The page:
BASE Jumping is a pretty popular sport around Lauterbrunnen. BASE Jumpers jump of a cliff, attempt to glide through the air, then pull open a parachute to land safely on the ground. It’s not the easiest thing to do, but the surrounding cliffs of Lauterbrunnen make it an ideal location for this extreme sport.
There are several exit points around the valley, and the hike up to these points are challenging in themselves. If you’re interested in doing this, the Horner Pub is a local haunt for many BASE Jumpers you can tag along with.
If you’re not too much of a thrill seeker, watching them fly through the air is also exciting. A trail from the Stechelburg and towards the Trummelbach Falls places you in view of several exit points in the area. On sunny days or in the summer, you’ll catch several BASE Jumpers taking a leap of faith over the valley.
For breathtaking views and the best spot to watch the sunset, take a trip to the Schilthorn. It became very popular after it was featured in the 1969 Bond movie “On Her Majesty’s Secret Service”. Even without blockbuster exposure, however, the Schilthorn remains a must-do for the dramatic observatory at an elevation of 2,600 meters. It’s a good hike to make with immensely satisfying rewards at the top. Otherwise, you can easily take a gondola up to the observatory.
A quick excursion to do is a trip to Murren. It’s a small car-free village on a plateau 850 meters above Lauterbrunnen. It’s highly popular in winter for its beautiful resorts and views, but summer holidays are great to spend here, too.
From Lauterbrunnen, you can ride a gondola to Grutschalp and then a train to Murren. It takes all of 30 minutes, and you arrive at the village of stunning views, quaint shops, and local eateries. The population is around 350, but the houses are spread out and creates a feeling of wide open space.
From the village, you can also take a frunicular to Allmendhubel (1,907m). Here you will get the best views of the Alps and spend time at the Skyline Chill relaxation zone or the Flower Park adventure playground. There are also numerous trails you can start in Murren as well, the most popular of which is towards Winteregg.
After reveling in the peace and quiet of Lauterbrunnen and Grindelwald, it’s high time for some action and adventure. The nearby town of Interlaken is also just a 30-minute train ride from Gridelwald. It’s a resort town in the Jungfrau region, built on a narrow stretch of valley between Lake Thun and Lake Brienz.
With dense forests, alpine meadows, glaciers and mountains all around it, Interlaken has become a big hit with adventure-seekers and holiday-makers of all kinds.
Paragliding is a popular activity in Switzerland. Its mountainous views and Alpine climate are great for catching wind. One of the most famous places to do it is Interlaken.
Interlaken provides good altitude for take-off and many unobstructed places that give great views and safer landings. There are several operators in the area, but the routes are all pretty similar. The most flown route is the Beatenberg-Interlaken Route, immersing the rider with panoramic views of the Bernese Oberland.
Taking up the airborne adventure another notch is skydiving. There are several options and prices available, but this is another popular activity in the town.
The trip always starts with a van ride from the town to a small hangar where orientation is done. A tandem dive with a skilled professional lets you soar through the skies for unparalleled views of the region. The landing may be turbulent, but the dive always ends in the best possible place to land – the Swiss Alps. Some packages also include picnics at the landing site to help you prolong the thrill.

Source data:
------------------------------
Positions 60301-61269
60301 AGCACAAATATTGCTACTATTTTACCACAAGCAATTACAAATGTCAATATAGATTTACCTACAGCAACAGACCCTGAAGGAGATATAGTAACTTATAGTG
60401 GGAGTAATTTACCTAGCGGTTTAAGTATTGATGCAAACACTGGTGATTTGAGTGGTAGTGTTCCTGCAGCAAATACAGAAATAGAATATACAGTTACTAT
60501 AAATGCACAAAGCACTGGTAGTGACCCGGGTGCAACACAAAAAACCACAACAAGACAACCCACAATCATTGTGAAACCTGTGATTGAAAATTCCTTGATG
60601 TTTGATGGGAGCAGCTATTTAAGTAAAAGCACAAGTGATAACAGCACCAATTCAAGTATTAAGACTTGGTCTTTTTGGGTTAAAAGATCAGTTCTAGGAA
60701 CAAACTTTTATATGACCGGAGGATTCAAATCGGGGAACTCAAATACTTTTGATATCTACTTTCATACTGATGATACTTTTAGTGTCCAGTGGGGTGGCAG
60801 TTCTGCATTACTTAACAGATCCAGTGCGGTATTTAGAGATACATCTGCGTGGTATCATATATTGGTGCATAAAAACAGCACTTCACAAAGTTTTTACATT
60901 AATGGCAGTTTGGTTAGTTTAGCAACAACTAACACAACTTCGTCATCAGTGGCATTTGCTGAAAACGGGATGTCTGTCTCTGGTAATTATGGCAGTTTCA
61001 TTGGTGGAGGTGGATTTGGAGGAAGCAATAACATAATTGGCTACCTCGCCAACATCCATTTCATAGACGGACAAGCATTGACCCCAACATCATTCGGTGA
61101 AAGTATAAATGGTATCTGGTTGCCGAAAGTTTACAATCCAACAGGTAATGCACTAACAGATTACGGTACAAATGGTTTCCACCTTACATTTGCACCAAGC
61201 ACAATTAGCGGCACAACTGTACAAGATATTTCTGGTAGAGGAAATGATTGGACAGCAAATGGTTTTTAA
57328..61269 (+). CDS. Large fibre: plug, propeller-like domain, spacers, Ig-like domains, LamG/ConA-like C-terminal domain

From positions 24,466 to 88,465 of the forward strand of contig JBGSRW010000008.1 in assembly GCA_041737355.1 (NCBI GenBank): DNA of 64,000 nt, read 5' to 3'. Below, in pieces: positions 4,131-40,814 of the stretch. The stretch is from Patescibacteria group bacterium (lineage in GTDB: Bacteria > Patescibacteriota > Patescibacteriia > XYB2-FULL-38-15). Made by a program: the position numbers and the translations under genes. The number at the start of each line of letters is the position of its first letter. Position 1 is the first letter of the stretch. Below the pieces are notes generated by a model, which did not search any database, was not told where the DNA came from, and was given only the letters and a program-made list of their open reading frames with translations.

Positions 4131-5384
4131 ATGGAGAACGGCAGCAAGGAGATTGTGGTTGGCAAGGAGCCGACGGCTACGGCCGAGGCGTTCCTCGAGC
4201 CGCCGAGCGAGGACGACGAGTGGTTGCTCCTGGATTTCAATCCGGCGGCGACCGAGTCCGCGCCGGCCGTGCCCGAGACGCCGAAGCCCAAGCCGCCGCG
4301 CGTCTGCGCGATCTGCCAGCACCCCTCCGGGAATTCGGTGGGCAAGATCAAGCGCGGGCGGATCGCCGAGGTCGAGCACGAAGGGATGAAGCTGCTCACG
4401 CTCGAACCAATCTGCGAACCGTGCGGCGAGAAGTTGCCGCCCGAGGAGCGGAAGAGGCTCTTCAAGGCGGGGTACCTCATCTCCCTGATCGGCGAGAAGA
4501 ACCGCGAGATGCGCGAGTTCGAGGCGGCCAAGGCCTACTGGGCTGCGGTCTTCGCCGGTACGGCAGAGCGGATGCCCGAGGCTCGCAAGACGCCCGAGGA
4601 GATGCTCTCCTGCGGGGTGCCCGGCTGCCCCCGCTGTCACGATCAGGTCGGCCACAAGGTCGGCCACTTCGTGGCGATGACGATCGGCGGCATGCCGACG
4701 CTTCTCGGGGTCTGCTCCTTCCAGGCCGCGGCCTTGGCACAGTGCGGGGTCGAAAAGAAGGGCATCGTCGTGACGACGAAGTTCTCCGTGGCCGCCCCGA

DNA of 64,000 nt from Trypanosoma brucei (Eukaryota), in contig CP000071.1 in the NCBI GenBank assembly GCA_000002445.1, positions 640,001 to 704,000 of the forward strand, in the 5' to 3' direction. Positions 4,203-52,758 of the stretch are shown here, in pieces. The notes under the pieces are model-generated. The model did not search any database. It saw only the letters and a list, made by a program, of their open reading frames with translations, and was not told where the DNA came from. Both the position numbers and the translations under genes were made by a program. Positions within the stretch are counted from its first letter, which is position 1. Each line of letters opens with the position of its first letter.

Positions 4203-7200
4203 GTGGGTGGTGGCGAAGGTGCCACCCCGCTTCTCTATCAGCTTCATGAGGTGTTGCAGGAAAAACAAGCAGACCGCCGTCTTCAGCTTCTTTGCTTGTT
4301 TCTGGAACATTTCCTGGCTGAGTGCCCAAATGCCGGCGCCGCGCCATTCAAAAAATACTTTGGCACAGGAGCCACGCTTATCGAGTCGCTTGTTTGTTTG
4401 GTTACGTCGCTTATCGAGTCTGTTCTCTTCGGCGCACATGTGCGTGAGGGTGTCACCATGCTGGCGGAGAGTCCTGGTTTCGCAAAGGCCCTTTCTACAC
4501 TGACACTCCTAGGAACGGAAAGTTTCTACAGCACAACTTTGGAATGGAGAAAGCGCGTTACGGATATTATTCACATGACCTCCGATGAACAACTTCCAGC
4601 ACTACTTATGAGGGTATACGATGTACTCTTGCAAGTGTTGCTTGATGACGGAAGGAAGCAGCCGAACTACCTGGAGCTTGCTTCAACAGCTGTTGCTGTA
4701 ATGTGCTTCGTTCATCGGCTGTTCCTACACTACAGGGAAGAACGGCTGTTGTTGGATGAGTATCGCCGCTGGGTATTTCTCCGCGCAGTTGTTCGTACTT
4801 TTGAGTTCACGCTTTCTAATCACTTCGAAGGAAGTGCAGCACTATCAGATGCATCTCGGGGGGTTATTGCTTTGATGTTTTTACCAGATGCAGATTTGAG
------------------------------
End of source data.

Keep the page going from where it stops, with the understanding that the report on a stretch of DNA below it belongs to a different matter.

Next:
The Town Center of Interlaken is immensely charming. Most houses are made of old timber and, against the Alpine backdrop, it’s a very serene environment to be in.
The Main Streets are the busiest ones, mostly catering to tourists. There are many shops and cafes and, while some are overpriced, don’t be too quick to pass up on these “tourist traps”. A walk down these streets is enjoyable in itself, and here is where you’ll find some local souvenirs and tasty Swiss chocolates.
Towards the north of the town is a section of small streets that lead to the river. It gets a little more traditional here, and the houses are simply charming.
Swiss chocolate is one the country’s most iconic products, and the Funky Chocolate Club offers a great experience for it.
Aside from offering a wide range of different kinds of Swiss chocolates, they offer hour-long workshops on making your own delicious Swiss chocolate. The workshop includes taste-testing of their bestsellers, followed by a fun session of mixing and molding your own creations. A few hours later, you can return to the store and pick up your masterpiece.
The St. Beatus Caves is one of Switzerland’s most unique attractions. It’s a 800-meter system of tunnels and caves punctuated by shining stalactites and stalagmites formed over millions of years. According to legend, St. Beat, a 6th-century monk, was a hunting a dragon that took refuge in these caves.
The caves are located right beside the lakes of Interlaken and Thun. The underground journey is marked with well-lit pathways with endless panoramas of this geological wonder. The system is massive and built by nature like a maze. Only 14 kilometers have been fully-explored, with more discoveries being unearthed all the time. More information is housed in the St. Beatus Museum.
The castle is enchanting, especially since it’s surrounding by clear turquoise waters. Within the castle is an exhibit of life in the region from the 16th to the 19th century. There are several rooms in the castle you can walk through, as well as a history museum, an English-style garden along the riverbank, an extensive park, and a lakeside turret. The chapel within the castle is still in use for baptisms and weddings.
Roger is a little obsessed with travel. He has been to over 40 countries, broken 3 suitcases and owned over 10 backpacks in 12 months. What he doesn't know about travel, ain't worth knowing!